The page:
A randomized controlled clinical trial was conducted.
To compare medication, needle acupuncture, and spinal manipulation for managing chronic (>13 weeks duration) spinal pain because the value of medicinal and popular forms of alternative care for chronic spinal pain syndromes is uncertain.
Between February 1999 and October 2001, 115 patients without contraindication for the three treatment regimens were enrolled at the public hospital’s multidisciplinary spinal pain unit.
One of three separate intervention protocols was used: medication, needle acupuncture, or chiropractic spinal manipulation. Patients were assessed before treatment by a sports medical physician for exclusion criteria and by a research assistant using the Oswestry Back Pain Disability Index (Oswestry), the Neck Disability Index (NDI), the Short-Form-36 Health Survey questionnaire (SF-36), visual analog scales (VAS) of pain intensity and ranges of movement. These instruments were administered again at 2, 5, and 9 weeks after the beginning of treatment.
Randomization proved to be successful. The highest proportion of early (asymptomatic status) recovery was found for manipulation (27.3%), followed by acupuncture (9.4%) and medication (5%). Manipulation achieved the best overall results, with improvements of 50% (P = 0.01) on the Oswestry scale, 38% (P = 0.08) on the NDI, 47% (P < 0.001) on the SF-36, and 50% (P < 0.01) on the VAS for back pain, 38% (P < 0.001) for lumbar standing flexion, 20% (P < 0.001) for lumbar sitting flexion, 25% (P = 0.1) for cervical sitting flexion, and 18% (P = 0.02) for cervical sitting extension. However, on the VAS for neck pain, acupuncture showed a better result than manipulation (50%vs 42%).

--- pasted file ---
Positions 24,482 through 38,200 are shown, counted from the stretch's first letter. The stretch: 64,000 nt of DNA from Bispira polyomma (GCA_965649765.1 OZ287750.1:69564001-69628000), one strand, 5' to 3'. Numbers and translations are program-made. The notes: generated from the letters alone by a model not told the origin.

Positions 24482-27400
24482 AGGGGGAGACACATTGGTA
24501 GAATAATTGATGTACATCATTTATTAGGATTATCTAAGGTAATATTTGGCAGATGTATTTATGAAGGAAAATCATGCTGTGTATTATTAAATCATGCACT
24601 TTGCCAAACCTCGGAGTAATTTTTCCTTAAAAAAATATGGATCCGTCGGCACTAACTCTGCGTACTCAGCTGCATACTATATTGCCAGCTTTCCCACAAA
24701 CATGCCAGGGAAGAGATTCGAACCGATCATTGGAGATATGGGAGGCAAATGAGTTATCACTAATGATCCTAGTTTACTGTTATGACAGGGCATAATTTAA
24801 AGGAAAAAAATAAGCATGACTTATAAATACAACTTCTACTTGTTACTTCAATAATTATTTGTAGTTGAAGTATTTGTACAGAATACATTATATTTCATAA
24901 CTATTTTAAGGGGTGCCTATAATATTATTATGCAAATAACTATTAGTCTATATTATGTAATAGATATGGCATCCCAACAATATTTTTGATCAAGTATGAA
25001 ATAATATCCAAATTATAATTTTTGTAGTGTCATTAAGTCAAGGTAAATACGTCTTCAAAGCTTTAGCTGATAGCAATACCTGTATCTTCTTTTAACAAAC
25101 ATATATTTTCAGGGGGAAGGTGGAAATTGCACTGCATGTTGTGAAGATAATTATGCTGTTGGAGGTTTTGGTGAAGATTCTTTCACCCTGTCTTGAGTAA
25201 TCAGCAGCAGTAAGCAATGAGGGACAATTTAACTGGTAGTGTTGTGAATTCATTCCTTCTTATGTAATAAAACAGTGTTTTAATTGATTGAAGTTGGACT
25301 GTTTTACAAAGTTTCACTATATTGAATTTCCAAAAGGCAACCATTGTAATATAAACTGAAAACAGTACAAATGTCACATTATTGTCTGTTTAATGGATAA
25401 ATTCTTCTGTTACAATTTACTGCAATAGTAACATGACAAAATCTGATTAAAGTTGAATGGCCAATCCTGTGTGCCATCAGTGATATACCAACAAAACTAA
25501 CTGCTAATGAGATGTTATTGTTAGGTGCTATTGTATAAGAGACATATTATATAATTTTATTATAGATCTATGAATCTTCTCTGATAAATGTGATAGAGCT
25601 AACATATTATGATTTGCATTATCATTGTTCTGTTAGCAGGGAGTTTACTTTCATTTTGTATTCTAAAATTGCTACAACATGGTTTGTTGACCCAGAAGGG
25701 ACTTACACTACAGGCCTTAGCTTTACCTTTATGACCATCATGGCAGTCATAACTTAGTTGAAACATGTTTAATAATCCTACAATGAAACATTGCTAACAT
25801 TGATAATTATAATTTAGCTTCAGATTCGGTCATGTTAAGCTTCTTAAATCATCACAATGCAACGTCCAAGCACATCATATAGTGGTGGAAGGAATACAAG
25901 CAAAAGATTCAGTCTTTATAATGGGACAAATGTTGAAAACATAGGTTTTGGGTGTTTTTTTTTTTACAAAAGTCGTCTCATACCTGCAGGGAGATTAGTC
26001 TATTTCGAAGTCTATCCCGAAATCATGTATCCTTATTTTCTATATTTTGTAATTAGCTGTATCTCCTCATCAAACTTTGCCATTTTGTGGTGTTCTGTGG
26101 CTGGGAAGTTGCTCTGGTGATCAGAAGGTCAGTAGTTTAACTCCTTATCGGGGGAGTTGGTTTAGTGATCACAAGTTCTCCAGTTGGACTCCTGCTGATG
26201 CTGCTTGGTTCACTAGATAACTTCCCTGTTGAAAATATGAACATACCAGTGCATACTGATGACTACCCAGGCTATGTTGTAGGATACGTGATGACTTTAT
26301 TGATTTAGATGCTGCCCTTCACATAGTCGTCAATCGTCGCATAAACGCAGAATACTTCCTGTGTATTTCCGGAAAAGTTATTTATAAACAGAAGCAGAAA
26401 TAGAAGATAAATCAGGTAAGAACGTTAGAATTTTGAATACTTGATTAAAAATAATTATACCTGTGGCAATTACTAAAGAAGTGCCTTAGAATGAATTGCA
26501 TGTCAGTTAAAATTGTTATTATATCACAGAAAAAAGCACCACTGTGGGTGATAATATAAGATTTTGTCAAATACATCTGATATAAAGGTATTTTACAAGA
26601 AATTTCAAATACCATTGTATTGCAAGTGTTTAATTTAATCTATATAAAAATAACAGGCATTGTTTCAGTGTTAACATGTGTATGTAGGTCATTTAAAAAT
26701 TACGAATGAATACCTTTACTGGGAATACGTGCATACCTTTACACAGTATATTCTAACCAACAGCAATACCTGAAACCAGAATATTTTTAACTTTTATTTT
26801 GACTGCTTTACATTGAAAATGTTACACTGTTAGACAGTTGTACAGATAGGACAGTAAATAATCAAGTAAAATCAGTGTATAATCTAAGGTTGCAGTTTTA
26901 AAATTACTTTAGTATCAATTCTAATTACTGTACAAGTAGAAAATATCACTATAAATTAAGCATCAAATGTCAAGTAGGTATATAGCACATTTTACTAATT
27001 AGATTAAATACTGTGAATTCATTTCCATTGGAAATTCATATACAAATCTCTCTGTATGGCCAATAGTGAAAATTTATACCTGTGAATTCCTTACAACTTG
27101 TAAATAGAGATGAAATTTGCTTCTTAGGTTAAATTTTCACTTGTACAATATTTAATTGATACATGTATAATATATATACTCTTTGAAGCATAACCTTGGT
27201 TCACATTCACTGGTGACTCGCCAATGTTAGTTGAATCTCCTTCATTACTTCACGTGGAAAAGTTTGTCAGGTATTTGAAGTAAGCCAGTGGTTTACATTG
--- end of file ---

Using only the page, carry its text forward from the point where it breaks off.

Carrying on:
The consistency of the results provides, despite some discussed shortcomings of this study, evidence that in patients with chronic spinal pain, manipulation, if not contraindicated, results in greater short-term improvement than acupuncture or medication. However, the data do not strongly support the use of only manipulation, only acupuncture, or only nonsteroidal antiinflammatory drugs for the treatment of chronic spinal pain. The results from this exploratory study need confirmation from future larger studies.
From the *National Unit for Multidisciplinary Studies of Spinal Pain, The University of Queensland, The Townsville Hospital, Townsville, Queensland,
and the †School of Public Health and Tropical Medicine, James Cook University, Townsville, Queensland, Australia.
Supported by the Queensland State Government Health Department and partly supported by The Townsville Hospital.
Acknowledgment date: June 3, 2002.
First revision date: October 8, 2002.
Acceptance date: December 10, 2002.
Address correspondence and reprint requests to Lynton G. F. Giles, DC, PhD, P.O. Box 2131, Townsville, Queensland, Australia 4810; E-mail: firstname.lastname@example.org
The legal regulatory status of the device(s)/drug(s) that is/are the subject of this manuscript is not applicable in my country. The device(s)/drug(s) is/are FDA-approved or approved by a corresponding national agency for this indication. Yes, State funds were received to support this work. No benefits in any form have been or will be received from a commercial party related directly or indirectly to the subject of this manuscript.